When the AAAS Arctic Division convenes for the first time next month in Dillingham, Alaska, researchers and others will explore how local issues reflect challenges being confronted across the northern latitudes and beyond.
The meeting will focus on a range of critical science questions—energy supplies, food security, fisheries, and climate change—which are often interrelated. The centerpiece of the meeting will be a lengthy presentation and discussion on the proposed Pebble Mine, a controversial initiative to extract copper, gold, molybdenum, and other resources from undeveloped wilderness near Bristol Bay.
“Most ecosystems in the Lower 48 have been so highly altered that they function differently than they once did,” said Todd Radenbaugh, president of the Arctic Division. “There are so many human influences—and you can’t take the humans out of the picture. But in Alaska, and especially in places like the Pebble site, there’s such a minimal human footprint. What are the implications if you change that? That will get a lot of attention at our meeting.”
Lawrence K. Duffy, executive director of the Arctic Division, said the significance of the Pebble Mine proposal extends far beyond the local site.
Site of the proposed Pebble Mine near Bristol Bay in southwestern AlaskaView a larger version of this image. [Image courtesy of Tim Troll]
“This is a big issue not just for Alaska but for all scientists, students, and leaders in America and the North,” Duffy said. “Pebble is the case study of how humans will create a sustainable future in a warmer, more crowded, and flatter planet. Within its context are issues related to rural versus urban cultures; local control versus federal one-size-fits-all control; place-based education versus abstract science; environmental justice versus the stock market; and many other questions like those.”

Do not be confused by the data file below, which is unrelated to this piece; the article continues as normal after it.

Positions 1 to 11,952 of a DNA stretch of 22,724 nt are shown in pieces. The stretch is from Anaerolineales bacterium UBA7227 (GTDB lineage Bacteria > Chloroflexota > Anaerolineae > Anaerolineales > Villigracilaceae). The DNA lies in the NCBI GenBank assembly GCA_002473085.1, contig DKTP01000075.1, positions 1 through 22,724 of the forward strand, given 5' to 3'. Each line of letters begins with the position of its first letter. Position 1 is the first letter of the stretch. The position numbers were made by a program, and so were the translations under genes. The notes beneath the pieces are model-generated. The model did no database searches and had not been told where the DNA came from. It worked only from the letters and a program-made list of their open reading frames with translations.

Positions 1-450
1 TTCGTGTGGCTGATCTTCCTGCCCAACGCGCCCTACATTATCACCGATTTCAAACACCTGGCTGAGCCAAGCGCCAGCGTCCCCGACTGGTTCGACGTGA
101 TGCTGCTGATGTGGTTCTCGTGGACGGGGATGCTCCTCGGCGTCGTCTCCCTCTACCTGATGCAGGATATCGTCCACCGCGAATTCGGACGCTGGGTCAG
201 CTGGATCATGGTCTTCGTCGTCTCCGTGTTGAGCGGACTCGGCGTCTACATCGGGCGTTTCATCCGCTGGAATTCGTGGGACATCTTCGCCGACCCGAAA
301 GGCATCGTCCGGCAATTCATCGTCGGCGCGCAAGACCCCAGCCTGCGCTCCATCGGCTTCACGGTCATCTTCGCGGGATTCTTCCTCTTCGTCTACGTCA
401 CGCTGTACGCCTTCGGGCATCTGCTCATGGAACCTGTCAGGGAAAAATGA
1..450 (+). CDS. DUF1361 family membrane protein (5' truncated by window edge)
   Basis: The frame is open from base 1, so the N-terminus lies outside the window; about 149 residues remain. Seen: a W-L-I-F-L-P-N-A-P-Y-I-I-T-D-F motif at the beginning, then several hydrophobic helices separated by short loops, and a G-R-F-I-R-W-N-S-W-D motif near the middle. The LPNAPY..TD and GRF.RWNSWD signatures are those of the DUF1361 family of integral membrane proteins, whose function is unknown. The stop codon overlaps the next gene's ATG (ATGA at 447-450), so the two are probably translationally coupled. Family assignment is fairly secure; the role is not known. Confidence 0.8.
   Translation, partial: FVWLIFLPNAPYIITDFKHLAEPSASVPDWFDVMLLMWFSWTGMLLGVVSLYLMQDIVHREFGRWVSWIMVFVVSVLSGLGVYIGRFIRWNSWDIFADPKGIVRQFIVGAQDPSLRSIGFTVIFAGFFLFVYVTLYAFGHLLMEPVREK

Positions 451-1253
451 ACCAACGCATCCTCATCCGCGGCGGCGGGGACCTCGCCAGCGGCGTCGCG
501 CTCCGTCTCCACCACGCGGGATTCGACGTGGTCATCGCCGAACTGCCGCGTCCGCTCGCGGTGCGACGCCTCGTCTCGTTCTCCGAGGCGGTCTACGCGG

The division’s annual conference will convene from Wednesday 21 September through Saturday 24 September at the Bristol Bay Campus of the University of Alaska-Fairbanks.
Dillingham is located in southwest Alaska, where the Wood and Nushagak rivers flow into Bristol Bay, the largest remaining wild salmon fishery in the world. It may be the most remote location ever to host a AAAS Arctic Division meeting. It is more than 300 miles from Anchorage and more than 500 from Fairbanks. No roads lead there; most visitors come by plane or boat. The town has a population of about 2500, though that doubles during salmon season. About 600 students are enrolled at the Bristol Bay Campus.
Admission to the conference will be free for Dillingham residents; students qualify for a discounted rate.
Despite Dillingham’s remote location and small population, interest in the meeting has been robust. Radenbaugh, director of the Bristol Bay Environmental Science Lab, said some 60 papers have been accepted for presentation as of mid-August. The presentations will cover a range of topics in science, engineering, and science education.
But the most prominent topic is likely to be the vast Pebble mining operation proposed for the state-owned lands and watersheds between Anchorage and Dillingham.
The Pebble Limited Partnership, which is pursuing the mine venture, is a joint effort by Northern Dynasty Minerals Limited and Anglo American PLC. A 2010 study estimated that the lands in the Pebble site could yield $300 billion worth of recoverable metals.
Bristol Bay Campus of the University of Alaska-Fairbanks, in Dillingham, Alaska [Image courtesy of Todd Radenbaugh]
The global companies have argued that the mine would create employment opportunities and economic development, plus generate millions of dollars in tax revenues for the state. They have pledged to take strong environmental protection measures.